Description of impactThe intended impact emerging from this study is a deeper understanding of (i) student teachers’ beliefs, attitudes, and perceptions of poverty and its impact on children and young people on entry to ITE programmes and (ii) insight into how student teachers frame and respond to the phenomenon of child poverty during school experience with a view to informing the design and content of ITE courses in the School of Education and elsewhere.
Who is affectedThe intended impact will affect students, tutors, children and young people.
Tutors – course design, mode of delivery and course content
Students – the type of materials the engage with, and the learning experiences that are designed to support their professional development as teachers
Children and Young People – are the intended beneficiaries of student teachers who have developed the skills, knowledge(s) and values to respond to the challenges of ‘child poverty’.
The PGDE cohort (population) for academic year 2016/7 comprised 317 students in total made up of 168 students aiming to become primary school teachers (PGDE Primary) and 149 students aiming to become secondary school teachers (PGDE Secondary). An electronic questionnaire using a mixture of closed and open-ended quantitative and qualitative questions was adopted to survey the student teacher cohort. Quantitative data was collected using a range of closed question types, ranging from dichotomous questions to rating scales (including Likert).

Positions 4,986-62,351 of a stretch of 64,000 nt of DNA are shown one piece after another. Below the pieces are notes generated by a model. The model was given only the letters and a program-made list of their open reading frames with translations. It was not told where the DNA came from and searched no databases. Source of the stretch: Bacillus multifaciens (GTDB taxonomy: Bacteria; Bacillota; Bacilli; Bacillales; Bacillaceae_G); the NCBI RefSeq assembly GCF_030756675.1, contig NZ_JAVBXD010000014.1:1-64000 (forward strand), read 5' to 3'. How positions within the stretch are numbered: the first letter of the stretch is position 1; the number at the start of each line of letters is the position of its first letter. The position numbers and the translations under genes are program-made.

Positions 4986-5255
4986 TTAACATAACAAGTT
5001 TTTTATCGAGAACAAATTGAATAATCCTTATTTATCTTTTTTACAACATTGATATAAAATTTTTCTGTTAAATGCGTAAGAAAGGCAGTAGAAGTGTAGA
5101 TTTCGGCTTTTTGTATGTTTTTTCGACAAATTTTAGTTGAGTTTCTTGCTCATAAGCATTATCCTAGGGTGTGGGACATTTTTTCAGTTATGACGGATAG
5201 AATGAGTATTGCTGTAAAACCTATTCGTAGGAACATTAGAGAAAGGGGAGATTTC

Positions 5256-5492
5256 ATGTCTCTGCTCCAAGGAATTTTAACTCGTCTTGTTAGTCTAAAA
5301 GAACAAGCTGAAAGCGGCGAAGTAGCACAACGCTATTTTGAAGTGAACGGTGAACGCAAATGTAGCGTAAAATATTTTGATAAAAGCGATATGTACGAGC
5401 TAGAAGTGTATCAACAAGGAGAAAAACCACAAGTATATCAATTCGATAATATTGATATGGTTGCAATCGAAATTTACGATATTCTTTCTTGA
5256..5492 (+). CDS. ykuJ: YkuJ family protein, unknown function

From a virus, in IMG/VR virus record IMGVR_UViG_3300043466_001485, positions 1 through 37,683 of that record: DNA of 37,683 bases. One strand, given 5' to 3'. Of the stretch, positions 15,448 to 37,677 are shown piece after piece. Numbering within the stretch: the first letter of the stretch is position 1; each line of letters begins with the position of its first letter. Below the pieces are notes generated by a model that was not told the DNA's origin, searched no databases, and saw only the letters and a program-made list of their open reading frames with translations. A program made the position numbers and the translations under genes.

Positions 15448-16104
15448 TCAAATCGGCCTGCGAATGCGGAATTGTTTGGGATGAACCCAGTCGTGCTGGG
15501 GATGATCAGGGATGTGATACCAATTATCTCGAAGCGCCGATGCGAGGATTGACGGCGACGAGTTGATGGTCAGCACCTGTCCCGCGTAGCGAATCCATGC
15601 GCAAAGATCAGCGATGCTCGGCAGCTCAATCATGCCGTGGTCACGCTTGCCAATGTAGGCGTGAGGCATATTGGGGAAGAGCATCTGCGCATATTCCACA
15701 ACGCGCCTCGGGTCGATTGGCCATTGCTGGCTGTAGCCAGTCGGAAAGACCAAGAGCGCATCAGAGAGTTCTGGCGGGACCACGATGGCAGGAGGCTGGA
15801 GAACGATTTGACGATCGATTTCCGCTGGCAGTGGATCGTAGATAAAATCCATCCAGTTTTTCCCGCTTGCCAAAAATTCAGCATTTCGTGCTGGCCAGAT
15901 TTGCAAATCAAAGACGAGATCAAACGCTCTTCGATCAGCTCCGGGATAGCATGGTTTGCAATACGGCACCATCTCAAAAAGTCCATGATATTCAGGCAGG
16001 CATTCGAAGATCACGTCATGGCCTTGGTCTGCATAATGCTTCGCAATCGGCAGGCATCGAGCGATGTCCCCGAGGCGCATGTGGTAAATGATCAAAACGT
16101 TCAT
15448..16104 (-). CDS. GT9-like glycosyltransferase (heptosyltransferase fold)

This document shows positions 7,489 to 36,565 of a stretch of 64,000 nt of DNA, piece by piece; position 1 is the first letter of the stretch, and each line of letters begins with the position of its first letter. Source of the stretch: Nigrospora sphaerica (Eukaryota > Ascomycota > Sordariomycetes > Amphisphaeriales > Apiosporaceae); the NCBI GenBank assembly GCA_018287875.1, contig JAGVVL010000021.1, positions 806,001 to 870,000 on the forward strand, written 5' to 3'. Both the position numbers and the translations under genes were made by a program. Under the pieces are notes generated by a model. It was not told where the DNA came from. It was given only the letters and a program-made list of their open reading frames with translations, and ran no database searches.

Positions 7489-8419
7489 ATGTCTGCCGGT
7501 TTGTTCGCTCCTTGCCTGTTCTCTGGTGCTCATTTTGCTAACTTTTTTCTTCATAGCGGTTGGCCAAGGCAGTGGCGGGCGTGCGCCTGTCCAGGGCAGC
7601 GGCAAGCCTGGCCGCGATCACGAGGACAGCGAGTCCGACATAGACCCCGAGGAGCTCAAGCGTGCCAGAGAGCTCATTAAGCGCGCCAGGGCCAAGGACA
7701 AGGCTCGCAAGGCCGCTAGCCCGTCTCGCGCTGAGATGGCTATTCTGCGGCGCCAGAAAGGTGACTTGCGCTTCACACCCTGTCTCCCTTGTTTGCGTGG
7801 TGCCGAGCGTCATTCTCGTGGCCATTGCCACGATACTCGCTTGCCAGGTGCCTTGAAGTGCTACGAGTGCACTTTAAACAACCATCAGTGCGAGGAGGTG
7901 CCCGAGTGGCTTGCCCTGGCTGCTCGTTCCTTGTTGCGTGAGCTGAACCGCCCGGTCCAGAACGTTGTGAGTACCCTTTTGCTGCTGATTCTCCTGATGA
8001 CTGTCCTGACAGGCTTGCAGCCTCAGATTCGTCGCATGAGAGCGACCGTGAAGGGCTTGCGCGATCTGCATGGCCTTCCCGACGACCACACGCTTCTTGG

Follow up interview data
MA1 cohort (population) for academic year 2016/7
MA1 cohort (population) for academic year 2017/8
Writing academic papers for publication: (working titles)
‘Anybody can be affected by poverty’: Student teachers’ beliefs, attitudes and perceptions of poverty and its impact on children and young people
Preparing Preservice Teachers to Tackle Inequalities: Towards a Trans-professional view of collegiality and collaboration in Preservice Teacher Education.
|Impact date||2017 → 2018|